Category Archives: Rants

Immersive – The Code Inception

I snapped this photo the moment before I wrote the first line of code for Immersive. I was on an extended month long vacation with friends in Kauai, Hawaii. The trip was a celebration of life for my good late friend Ed Bortolini. We were staying on Poipu Beach and enjoyed everything from helicopter rides, scuba diving, surfing, kayaking, great dinning, and even backpacked the Kalalau trail.

I started with a programming language I didn’t know, using a framework I had never heard of, solving a problem I had never thought about in an industry I knew nothing about. My only motivation was to create something new. Oh… and I did it for free with no binding contract. Immersive’s code base still uses much of this code today and demos of it working are now plastered all over the internet. A mere 9 months later Immersive has generated a lot of press and obtained several clients. See below for just a small fraction of the coverage. E ho’a’o no i pau kuhihewa!

CNN Money Article

Live CNN Video

Mashable Article
New York Times Article

Huffington Post Article and Video

ADWEEK Article

The Next Web Article

PSFK Article

BNET Article

BetaBeat Article

BrandChannel Article

CNN Forune Article

PC World Article

Sprouter Article

Business Insider Top 25 Startups

Also check out the YouTube Channel.

The Pace of Innovation – Is Singularity Possible?

Resistance is futile. Over the last century our society has innovated at an ever increasing rate  and machines have come to play a dominate role in our homes and every commercial industry. In just 12 decades mankind has seen the advancement of the first diesel engine, jet propulsion, nuclear power, manned space flight, mass long distance communication (TV, radio, Internet), the first personal computer, the first computer programming language, laser guided bombs, 6K rounds a minute machine guns, real-time video streams, robotic surgery and now machines that build new machines from your living room (MakerBot).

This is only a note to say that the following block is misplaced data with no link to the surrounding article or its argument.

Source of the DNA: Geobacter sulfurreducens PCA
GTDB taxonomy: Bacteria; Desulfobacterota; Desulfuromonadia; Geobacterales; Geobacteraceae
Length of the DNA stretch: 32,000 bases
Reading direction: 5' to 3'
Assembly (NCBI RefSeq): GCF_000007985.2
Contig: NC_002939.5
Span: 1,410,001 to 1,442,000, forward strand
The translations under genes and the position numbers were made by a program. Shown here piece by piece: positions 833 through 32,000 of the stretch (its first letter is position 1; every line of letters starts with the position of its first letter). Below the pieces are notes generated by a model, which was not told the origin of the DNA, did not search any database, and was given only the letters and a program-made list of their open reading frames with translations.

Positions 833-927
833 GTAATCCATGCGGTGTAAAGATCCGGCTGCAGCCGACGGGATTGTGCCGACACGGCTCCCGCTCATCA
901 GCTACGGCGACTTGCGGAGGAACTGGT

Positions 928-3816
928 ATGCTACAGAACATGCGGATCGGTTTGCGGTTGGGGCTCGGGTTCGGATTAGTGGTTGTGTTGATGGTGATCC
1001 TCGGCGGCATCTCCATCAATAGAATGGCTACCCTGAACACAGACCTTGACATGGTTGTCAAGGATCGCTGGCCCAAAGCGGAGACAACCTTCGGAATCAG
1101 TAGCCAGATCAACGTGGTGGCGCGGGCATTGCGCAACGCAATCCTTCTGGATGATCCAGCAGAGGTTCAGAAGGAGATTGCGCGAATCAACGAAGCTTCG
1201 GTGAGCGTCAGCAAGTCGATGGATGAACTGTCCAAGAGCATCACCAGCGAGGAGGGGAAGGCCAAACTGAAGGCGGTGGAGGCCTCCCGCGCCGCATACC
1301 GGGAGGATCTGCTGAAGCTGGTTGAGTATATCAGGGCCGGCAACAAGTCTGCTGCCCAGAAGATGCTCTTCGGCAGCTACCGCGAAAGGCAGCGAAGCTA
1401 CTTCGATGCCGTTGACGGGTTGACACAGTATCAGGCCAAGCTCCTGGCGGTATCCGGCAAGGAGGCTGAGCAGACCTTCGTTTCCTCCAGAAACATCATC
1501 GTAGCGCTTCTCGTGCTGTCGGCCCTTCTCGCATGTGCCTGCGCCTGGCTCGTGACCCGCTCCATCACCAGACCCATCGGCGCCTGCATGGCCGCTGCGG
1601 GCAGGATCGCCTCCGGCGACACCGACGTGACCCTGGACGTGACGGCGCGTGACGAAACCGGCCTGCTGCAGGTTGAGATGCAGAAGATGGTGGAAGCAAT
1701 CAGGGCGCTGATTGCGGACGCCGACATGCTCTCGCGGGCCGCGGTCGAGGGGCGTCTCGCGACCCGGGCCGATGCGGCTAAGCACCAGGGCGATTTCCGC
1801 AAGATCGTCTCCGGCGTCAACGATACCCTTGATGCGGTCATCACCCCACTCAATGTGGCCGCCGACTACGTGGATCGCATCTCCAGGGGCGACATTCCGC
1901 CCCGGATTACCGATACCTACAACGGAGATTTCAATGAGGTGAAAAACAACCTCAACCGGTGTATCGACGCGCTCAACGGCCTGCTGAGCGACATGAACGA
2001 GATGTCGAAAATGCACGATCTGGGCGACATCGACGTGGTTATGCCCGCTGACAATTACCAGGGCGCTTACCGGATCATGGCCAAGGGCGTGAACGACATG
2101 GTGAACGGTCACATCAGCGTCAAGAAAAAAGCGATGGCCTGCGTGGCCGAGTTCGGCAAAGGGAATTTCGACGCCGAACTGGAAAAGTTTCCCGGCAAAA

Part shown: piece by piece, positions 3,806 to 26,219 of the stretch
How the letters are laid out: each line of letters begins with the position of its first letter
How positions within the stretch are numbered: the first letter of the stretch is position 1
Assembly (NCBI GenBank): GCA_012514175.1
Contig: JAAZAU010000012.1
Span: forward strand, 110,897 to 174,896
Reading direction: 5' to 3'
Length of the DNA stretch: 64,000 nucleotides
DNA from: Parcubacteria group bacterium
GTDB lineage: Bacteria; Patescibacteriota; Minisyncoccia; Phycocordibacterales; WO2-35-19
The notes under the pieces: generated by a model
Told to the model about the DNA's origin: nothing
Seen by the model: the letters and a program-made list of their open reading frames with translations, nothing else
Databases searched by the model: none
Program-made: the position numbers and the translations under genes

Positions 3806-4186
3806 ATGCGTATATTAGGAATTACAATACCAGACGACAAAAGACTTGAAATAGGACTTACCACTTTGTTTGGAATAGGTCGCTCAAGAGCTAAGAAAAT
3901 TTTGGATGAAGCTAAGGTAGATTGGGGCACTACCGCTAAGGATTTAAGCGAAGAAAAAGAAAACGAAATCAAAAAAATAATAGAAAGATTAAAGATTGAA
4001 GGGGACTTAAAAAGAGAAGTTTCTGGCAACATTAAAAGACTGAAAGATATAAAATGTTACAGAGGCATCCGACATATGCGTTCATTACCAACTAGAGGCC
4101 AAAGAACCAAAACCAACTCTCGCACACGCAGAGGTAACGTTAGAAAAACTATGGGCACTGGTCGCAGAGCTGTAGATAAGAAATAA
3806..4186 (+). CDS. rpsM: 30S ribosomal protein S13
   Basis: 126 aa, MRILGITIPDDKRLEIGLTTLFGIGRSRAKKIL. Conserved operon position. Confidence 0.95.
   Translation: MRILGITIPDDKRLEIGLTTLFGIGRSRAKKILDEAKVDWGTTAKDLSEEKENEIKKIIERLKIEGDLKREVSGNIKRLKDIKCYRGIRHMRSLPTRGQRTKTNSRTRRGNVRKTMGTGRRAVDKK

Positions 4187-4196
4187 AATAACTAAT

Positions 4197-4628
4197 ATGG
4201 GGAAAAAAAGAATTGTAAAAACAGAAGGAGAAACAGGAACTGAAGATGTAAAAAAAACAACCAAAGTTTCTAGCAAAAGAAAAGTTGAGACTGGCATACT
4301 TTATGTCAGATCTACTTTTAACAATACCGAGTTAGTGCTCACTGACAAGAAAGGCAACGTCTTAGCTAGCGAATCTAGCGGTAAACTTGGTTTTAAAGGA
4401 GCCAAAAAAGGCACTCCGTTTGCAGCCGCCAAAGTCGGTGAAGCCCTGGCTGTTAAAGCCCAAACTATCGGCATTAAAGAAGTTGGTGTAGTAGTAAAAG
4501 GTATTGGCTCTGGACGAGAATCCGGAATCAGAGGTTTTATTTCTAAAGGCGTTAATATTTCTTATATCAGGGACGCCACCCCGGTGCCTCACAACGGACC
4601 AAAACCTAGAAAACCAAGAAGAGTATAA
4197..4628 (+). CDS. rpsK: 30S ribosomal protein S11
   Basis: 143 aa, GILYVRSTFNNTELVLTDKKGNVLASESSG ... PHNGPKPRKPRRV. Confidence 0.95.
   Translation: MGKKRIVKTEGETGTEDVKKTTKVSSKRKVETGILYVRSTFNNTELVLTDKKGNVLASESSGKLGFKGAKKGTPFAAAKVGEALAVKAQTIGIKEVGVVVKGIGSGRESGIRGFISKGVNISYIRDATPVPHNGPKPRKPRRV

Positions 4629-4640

If you continue this list of machine aided advancements you’ll quickly realize that not only do they already outnumber us, but their intelligence is rapidly increasing and our dependence on their services has never been greater. Despite being in the during the worst recession since the “great depression”, there is so much money flowing into the Technology industry that experts are warning of a second bubble . This focus on technology has swamped the USPTO with applications (it can now take over 4 years to receive an acceptance/denial notice). The bottom line: machines optimized to maximize our comfort and minimize commodity costs run almost every aspect of our lives.

It was only 3 decades ago that the first portable personal computer hit the market, known as the Osborne 1. This revolutionary machine weighed ~24 pounds and came equip with 64 Kb of memory and an 8-bit 4 MHz processor. The company went bankrupt only two years after its release. None-the-less it is the origins of the 3 pound 8GB of memory and 64-bit 2.4 GHz dual core processor sitting in my lap at the moment.

As a recent co-founder of an HCI company I’ve starting hearing the term Technological Singularity for the first time. To grossly undervalue and summarize the concept for those who don’t know, the Singularity is a point in time in the near future (~50 years) where Technology is expected to be capable of innovating on its own without human intervention. The premise of the theory is based on the notion that it’s possible for engineers to write an AI algorithm that is capable of finding flaws in a design and optimize itself to no longer have those flaws. As a result, the pace on innovation would in essence occur at the speed of light.

To be honest, when I first heard of the Singularity I laughed and dismissed it as complete bullshit. I’m not so sure anymore… It might sound far-fetched but our society is already starting to use similar real-time optimization algorithms in online search engines, marketing campaigns, and even Walmart distribution channels. Having recently spent a lot of time around the machine learning experts in the software engineering industry, I’ve seen firsthand that they are very good at teaching machines to learn. Even though the field of AI has yet to see its own Einstine, its only a matter of time before one emerges and AI becomes the new split atom.